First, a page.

At Infrared5 as well, we hitched up to the iPhone bandwagon. It wasn’t hard. All we had to do is say that we did iPhone stuff and after that pretty much everyone coming to us wanted us to do iPhone apps for them. I did one Flex job early in the year, but since then it’s been pretty much flat out iPhone projects for clients.

A lot of people have actually been upset with me for “abandoning” Flash here. I’m not even going to defend myself on that one. I pretty much did abandon Flash for quite a while there. I can’t say I’m diving back into it both feet at the moment, but I did get pretty burnt out on the iPhone stuff as well. Still working on iPhone stuff at work, but don’t have any ongoing personal iPhone projects at the moment, or any solid plans for any. I love the platform and hardware and capabilities and even got to love the language. But I hate the business model and publishing stranglehold that Apple has on it. In Flash I can bang out a SWF, put it on my site, blog or tweet about it, and in minutes, the whole world can see it. With the iPhone, I have to submit it, wait some unspecified amount of weeks with no feedback or anyone to communicate with, to see if it is approved or not. If not, no real recourse. Just fix it and put it back into the queue. It’s awful.

So what now? Back to Flash? Possibly. As you may have noticed, I had a whole game programming thing going on there a few months ago. Did a whole bunch of research on game architecture, applying it all to Flash games, spoke about game architecture at Flash on the Beach, and promised a game framework/toolkit “Asobu” that I was working on. Not sure what really happened with that.

In fact, for about the last month or so, I’ve hardly done any coding at all in my own spare time. Of course, I’ve been doing plenty at work, and that’s going fine. But usually when I get home, I have some personal stuff I’m working on – a game, some generative art, some experiments, components, a book, or whatever. But lately, I don’t know. I just get home, eat, relax, read some, hang out with the family, light up the wood stove and relax. I’m not particularly worried about it, and you shouldn’t be either. I think my mind just needs some time to recharge. I’ve been going at this pretty hard core since 2001 anyway. Consider I’m on a mini-personal-sabbatical. You might have noticed the dearth of posts here in the last several weeks. In fact, this is the first post I’ve done this month. I’m not going to make any promises about how I’ll now kick everything back into gear and get going on stuff again, but I have no doubt I’ll get fired up again sometime soon. I’ve learned to trust my instincts. They’ve done well for me thus far, and right now they are telling me to chill out. 🙂

One thing that I’ve given a lot of attention to in the last few months is running. I started up the Couch to 5K program to get in shape at the end of last August, and now I’m running 5 days a week. I’m completely addicted. Reading lots of running magazines and books and sites. Naturally, I’m getting all geeky about it with GPS and heart rate monitoring and tracking applications, etc. In fact, it has taken over my other, “personal” blog at If you are ever in doubt as to whether or not I’m alive, you can always check there and see what’s up.

But I haven’t been totally code free. In fact, I have actually been doing some ActionScript projects, particularly over this little vacation I’ve been taking. Tying in with the running, I started parsing the raw output of my Garmin Forerunner 305 GPS running watch – parsing the XML and graphing it out in interactive 3D. So much better than any of the apps that map the route on a google map and give you a 2D chart underneath it showing speed, elevation and heart rate. I plan to continue working on that over the next few weeks and have something to show. Also, I revived a cool project I’d started a long while back using the Flash 10 sound synth stuff. Been working on that actively the last couple of days. I actually started getting very excited about the possibilities of that, so that may be the next major thing you see coming out of this place.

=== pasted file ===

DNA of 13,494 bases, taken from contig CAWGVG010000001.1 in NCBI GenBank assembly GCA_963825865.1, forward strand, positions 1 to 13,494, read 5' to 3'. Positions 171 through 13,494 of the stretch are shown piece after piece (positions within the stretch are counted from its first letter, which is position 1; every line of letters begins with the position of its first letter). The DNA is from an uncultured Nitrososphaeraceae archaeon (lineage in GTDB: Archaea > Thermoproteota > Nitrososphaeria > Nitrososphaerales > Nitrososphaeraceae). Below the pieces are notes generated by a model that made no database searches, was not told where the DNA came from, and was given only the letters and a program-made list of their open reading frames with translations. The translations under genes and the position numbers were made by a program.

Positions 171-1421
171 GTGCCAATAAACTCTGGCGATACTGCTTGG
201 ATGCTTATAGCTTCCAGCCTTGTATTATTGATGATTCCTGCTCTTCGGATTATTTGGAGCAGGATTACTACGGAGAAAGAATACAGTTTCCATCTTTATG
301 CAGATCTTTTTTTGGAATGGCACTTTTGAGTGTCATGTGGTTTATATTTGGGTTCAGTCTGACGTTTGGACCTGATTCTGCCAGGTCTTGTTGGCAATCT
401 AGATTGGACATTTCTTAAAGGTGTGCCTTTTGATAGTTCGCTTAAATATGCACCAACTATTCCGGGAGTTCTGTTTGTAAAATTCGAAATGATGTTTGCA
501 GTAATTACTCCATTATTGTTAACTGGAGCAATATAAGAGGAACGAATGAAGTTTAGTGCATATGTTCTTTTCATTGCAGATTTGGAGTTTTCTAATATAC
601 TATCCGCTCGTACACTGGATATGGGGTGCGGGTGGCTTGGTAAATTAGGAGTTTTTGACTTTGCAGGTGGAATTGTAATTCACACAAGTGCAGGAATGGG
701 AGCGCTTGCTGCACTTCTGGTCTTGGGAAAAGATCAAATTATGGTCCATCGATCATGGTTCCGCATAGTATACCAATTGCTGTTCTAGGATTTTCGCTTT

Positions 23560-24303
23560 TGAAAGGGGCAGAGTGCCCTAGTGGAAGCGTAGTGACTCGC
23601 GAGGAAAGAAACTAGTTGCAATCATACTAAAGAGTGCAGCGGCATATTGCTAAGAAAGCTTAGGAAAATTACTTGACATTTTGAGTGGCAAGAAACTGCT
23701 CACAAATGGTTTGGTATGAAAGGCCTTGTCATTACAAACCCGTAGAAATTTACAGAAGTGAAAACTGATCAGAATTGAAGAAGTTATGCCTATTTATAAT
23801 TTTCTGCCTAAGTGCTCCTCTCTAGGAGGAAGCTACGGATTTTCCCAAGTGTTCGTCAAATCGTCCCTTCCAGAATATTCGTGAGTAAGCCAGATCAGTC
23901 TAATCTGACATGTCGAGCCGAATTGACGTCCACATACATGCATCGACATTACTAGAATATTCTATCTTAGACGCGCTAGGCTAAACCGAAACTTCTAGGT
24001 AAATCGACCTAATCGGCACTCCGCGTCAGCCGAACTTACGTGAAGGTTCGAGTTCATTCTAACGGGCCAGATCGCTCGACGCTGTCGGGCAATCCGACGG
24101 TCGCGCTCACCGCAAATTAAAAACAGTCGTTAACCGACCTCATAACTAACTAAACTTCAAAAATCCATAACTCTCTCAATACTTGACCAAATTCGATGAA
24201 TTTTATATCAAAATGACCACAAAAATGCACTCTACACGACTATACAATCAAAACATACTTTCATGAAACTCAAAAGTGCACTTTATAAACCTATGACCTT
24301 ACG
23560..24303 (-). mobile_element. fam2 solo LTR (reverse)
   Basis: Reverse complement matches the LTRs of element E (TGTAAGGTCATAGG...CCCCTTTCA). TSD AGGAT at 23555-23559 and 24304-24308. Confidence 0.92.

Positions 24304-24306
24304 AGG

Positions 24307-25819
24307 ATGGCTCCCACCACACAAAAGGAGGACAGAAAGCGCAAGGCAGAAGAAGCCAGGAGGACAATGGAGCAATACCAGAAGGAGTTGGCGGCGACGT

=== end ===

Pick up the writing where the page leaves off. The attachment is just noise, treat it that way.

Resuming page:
What about overall 2010 plans? Can’t really say just yet. At work, we are starting in on a very major, and very … unique project that would possibly be done in Unity 3D. So I may be diving into some C# work for that. And beyond the Flash projects I just mentioned, I’m really interested in learning some other experimental technologies. I started playing with Structure Synth a while back, which is very interesting. A whole new take on programming. Hard to wrap your head around the syntax at first, but produces some stunning pics. I also want to dive more into some things like NodeBox, Context Free, ToolBox, Processing, and Open Frameworks.

Beyond that, like I said, just going with my intuition. And I intuit that 2010 will be a good year.

7 responses so far

RoboDancer is up!

Nov 12 2009 Published by under iPhone

After only 11 days in approval, RoboDancer has hit the app store. I guess it pays to write blog posts about long waiting times. 🙂

Check it out here

One response so far

RoboDancer! Coming Soon to an iPhone near you.

Nov 07 2009 Published by under iPhone

This is really nothing but a fun app that I had a fun time making. It hearkens back to a small Flash piece I saw on the web close to ten years ago (which you can see here).

Basically, you have a robot on your screen. Fire up some music and start clicking and dragging to change the way the robot dances. Or shake the device to come up with a random dance. There are 10 interchangeable heads, tops, bottoms, and sets of hands, meaning 10,000 possible different robots, plus a few different backgrounds.

6 responses so far

Older posts »